HE WAS “in a combat zone for 32 years”, but after more than 18 months on unexplained sick leave Gary Chandler received just one call from the welfare department.
The former Creswick police officer attended up to 40 fatalities during his time as a police officer in Creswick. He suffers from post traumatic stress disorder. He worked shifts by himself. One of his worst nights stands out clearly – at 5pm he was called to a suicide, at midnight he was called to another suicide. He knew both the teenagers well.
“The coroner said that was the first time in 30 years he’d heard of one person having to deal with two suicides,” Mr Chandler said.
When he returned to the empty police station, two teens were sitting on the step. They asked him if he was OK, and made him a cup of coffee. Mr Chandler has welcomed a call from the member for Western Victoria Jeff Bourman to the Minister for Veterans John Eren to extend military assistance to help police and emergency service workers experiencing PTSD.
“I call them my midnight visitors,” Mr Chandler said of the visions of people from fatal accidents that haunt his dreams.
“I would wake up in the night screaming.”
At his worst Mr Chandler couldn’t attend an event without being near the door.He can’t remember how he got onto it, but Mr Chandler enrolled in a course for returned military personnel that had been modified for and extended to police.
“It explains to you why you feel the way you do … I found it quite good,” Mr Chandler said. “It enabled me to be able to cope.”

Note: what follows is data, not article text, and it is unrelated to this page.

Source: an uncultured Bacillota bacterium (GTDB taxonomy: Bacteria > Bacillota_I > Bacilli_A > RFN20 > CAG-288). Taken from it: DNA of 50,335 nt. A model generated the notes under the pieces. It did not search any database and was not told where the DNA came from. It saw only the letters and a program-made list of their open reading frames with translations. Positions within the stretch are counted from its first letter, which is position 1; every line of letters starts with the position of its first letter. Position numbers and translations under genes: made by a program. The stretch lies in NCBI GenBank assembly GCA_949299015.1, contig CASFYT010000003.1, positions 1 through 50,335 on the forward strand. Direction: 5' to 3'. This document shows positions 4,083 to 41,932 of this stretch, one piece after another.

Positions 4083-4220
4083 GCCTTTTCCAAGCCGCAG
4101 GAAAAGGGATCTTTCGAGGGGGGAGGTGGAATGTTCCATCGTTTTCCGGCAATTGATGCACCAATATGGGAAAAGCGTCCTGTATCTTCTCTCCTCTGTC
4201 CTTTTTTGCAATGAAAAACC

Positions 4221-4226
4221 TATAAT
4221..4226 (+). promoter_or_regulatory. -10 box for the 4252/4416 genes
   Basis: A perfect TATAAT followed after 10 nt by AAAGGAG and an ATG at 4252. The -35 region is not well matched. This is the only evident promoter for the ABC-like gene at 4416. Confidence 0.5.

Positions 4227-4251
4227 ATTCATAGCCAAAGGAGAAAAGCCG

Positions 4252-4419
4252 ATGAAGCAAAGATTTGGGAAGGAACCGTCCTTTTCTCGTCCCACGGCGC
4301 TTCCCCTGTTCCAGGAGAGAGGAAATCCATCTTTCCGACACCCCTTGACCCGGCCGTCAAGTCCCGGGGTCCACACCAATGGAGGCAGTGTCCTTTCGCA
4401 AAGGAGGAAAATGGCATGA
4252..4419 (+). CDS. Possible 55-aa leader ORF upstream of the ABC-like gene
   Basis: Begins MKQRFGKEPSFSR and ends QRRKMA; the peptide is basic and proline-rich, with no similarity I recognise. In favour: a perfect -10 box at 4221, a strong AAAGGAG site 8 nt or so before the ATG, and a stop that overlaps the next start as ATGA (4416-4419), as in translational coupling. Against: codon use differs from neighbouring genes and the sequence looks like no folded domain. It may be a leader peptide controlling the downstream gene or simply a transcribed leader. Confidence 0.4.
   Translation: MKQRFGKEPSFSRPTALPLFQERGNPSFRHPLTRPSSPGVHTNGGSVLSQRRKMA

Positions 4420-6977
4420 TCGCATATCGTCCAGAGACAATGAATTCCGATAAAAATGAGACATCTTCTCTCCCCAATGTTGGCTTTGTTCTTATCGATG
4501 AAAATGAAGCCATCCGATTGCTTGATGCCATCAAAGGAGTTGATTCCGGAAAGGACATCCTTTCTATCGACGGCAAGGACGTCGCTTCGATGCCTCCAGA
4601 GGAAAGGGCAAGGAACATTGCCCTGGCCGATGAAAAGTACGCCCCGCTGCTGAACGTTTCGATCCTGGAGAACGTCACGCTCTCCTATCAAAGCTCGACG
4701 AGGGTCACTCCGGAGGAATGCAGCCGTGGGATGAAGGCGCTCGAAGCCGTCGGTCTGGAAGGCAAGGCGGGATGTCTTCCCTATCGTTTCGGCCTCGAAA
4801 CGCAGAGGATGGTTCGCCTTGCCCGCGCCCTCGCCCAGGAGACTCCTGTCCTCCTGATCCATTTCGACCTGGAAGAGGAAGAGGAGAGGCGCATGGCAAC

Mr Chandler said counsellors helped him cope with his “midnight visitors”.
“They said ‘did you handle it the right way? Did you help these people?’, I said yes. They said ‘they are not coming back to haunt you, they are coming back to thank you’. “I still have my my midnight visitors. But I no longer wake up screaming.”
Mr Chandler said the military was miles ahead of emergency services organisations when it came to understanding how to treat PTSD. He is hopeful a new investigation into PTSD among members will lead to changes in the force.
A spokesman for the Minister of Veterans said past and present emergency service workers have access to range of services to help them cope with the impact of attending confronting events.
“The Andrews Labor Government knows these roles can be really difficult, so we're committed to giving the hard-working people that do them the support they need,” the spokesman said.
A review of mental health support services within Victoria Police is underway.
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